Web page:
Poison ivy, poison ivy
Late at night while you’re sleepin’
Poison ivy comes creepin’, around
Measles make you bumpy
And mumps’ll make you lumpy
And chicken pox’ll make you jump and twitch
A common cold’ll fool ya
And whooping cough can cool ya
But poison ivy, Lord’ll make you itch
– The Coasters
Despite the strong sexual metaphors, the last line is a true one, to anyone who’s ever been exposed to poison ivy.
When I was a kid, I used to handle poison ivy with impunity. When everyone else was afraid to get close to it, I reveled in the fact that I was immune to urushiol.
Then came that one time. I was fishing along a slow moving, chocolate colored Louisiana bayou. The day was still a little cool (what we here along the coast call cool which, as you know, is anything below 80 F.) Insects were buzzing, a slight breeze rustled the bald cypress needles just coming out of their winter nap, and white, shape-shifting clouds scudded through the almost violet spring sky.
You know where I’m going with this. I leaned back against a large live oak and closed my eyes. When I opened them, the sun was going down. I didn’t catch any fish that day. By the time I reached home, though, I had caught something else. An inescapable itching crept along my neck, and down both arms. Welts began to appear. Voila. My immunity had disappeared.
So it is with urushiol. A person may go for years being immune to it and then become allergic to it. Conversely, a person can be allergic to it in the past and then becomes immune to it.
Urushiol is found not only in poison ivy, but also in poison oak and poison sumac. Their Genus name (Toxicodendron), means “poisonous vine”. Two of the three (poison ivy and poison oak) are prevalent along the Gulf coast. As for poison sumac, there are various interpretations of its range. Several descriptions put it east of the Mississippi, while others place it solidly all along the coast.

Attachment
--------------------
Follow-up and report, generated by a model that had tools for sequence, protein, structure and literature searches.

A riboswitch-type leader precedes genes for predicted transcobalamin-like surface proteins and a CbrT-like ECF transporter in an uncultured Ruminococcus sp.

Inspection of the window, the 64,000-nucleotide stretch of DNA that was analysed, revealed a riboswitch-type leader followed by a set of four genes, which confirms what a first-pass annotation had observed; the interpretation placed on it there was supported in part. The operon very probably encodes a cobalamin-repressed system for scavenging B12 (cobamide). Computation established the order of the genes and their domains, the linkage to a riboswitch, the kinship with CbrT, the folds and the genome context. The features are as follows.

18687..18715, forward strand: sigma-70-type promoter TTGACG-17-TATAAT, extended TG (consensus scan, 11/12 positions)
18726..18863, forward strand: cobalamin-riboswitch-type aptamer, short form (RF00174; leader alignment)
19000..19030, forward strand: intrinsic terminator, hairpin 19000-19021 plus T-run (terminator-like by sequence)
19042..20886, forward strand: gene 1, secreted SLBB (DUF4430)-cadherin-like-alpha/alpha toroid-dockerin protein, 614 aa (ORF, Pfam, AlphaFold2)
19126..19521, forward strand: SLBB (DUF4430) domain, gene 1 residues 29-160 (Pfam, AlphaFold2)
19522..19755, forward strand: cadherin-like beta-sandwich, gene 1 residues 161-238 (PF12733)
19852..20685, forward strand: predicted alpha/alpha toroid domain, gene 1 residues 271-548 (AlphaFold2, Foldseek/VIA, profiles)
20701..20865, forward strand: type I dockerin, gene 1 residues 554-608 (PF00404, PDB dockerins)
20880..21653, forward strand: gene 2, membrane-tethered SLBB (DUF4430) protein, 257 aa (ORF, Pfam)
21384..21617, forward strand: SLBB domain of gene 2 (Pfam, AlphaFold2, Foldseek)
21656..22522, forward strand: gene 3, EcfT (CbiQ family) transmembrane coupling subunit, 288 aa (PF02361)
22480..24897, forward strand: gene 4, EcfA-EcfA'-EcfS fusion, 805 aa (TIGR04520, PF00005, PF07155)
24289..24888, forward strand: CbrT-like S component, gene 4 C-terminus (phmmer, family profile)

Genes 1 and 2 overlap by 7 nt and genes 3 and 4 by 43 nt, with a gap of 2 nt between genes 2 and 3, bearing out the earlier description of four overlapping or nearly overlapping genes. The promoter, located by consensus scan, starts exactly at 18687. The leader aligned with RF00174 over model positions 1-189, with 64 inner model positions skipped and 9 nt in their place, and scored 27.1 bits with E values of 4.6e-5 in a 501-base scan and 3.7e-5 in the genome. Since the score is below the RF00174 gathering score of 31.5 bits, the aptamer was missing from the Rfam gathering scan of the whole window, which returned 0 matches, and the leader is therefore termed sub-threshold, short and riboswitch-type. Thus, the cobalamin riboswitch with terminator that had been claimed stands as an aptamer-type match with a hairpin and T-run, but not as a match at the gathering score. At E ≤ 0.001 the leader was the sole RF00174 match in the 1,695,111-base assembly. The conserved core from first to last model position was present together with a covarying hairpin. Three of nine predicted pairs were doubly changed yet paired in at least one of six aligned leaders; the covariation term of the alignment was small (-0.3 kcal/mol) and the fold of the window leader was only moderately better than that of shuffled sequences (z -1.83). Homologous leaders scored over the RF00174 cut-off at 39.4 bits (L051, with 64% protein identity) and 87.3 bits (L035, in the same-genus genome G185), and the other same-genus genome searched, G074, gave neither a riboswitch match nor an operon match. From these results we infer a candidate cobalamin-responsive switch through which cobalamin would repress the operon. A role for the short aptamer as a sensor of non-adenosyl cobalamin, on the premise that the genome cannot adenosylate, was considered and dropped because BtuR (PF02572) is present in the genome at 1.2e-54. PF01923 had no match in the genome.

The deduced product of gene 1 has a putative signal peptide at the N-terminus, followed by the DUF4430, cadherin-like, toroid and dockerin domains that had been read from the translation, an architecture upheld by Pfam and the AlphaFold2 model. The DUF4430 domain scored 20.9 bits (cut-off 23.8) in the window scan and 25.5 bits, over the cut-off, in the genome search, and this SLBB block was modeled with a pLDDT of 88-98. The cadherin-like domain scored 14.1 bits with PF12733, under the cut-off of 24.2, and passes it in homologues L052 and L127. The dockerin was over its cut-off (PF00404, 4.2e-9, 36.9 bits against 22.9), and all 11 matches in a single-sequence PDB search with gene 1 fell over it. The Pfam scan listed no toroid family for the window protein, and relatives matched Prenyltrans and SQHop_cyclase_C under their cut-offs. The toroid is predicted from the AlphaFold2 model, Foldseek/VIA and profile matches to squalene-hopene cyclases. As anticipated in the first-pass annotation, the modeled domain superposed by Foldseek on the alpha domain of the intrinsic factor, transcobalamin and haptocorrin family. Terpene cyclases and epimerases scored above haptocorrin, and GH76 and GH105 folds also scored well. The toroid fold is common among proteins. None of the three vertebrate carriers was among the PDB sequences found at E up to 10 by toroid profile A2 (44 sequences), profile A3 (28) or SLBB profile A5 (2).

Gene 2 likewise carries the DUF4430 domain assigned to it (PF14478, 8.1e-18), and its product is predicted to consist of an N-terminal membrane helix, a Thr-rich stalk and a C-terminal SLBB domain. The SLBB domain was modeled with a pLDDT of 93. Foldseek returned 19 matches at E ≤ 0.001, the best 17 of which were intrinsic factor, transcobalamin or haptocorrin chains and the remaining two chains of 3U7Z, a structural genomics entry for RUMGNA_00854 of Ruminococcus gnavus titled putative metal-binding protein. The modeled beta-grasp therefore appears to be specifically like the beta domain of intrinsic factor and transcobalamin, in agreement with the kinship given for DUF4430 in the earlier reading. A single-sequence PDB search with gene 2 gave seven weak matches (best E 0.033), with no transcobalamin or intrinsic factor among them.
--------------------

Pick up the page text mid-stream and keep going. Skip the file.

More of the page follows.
There are other members of the family, some which may surprise you. Cashews, mangos, smoke trees, marula and several others are included. All have varying levels of urushiol.
Poison ivy (and its brothers) are taking to warmer temperatures and higher levels of carbon dioxide like pigs take to slop. Their leaves are growing bigger. I’ve seen some poison ivy in Texas with leaves as big as my hand, and there are reports that some can get as large as a pie pan. Not only is the plant getting bigger, the urushiol is getting more potent.
The moral, I suppose is, if you’re going to get out in the garden, learn to recognize these plants. There’s plenty of information on the internet about them. Experts will tell you that If you’re working where one of these three brothers are living, wear long trousers and long-sleeve shirts. And gloves.
Of course, we who live along the Gulf Coast are aware that all that advice is given by people who live in cooler climes. For most of us, t-shirts and blue jeans tend to be more appropriate. Gloves are not a bad idea though.
If you must get rid of it, put it in the garbage, not in green waste or your compost pile. Don’t burn it. The urushiol. The fumes can carry urushiol and you can inhale it. If you think it’s uncomfortable on your arm, think what it would be like inside your body.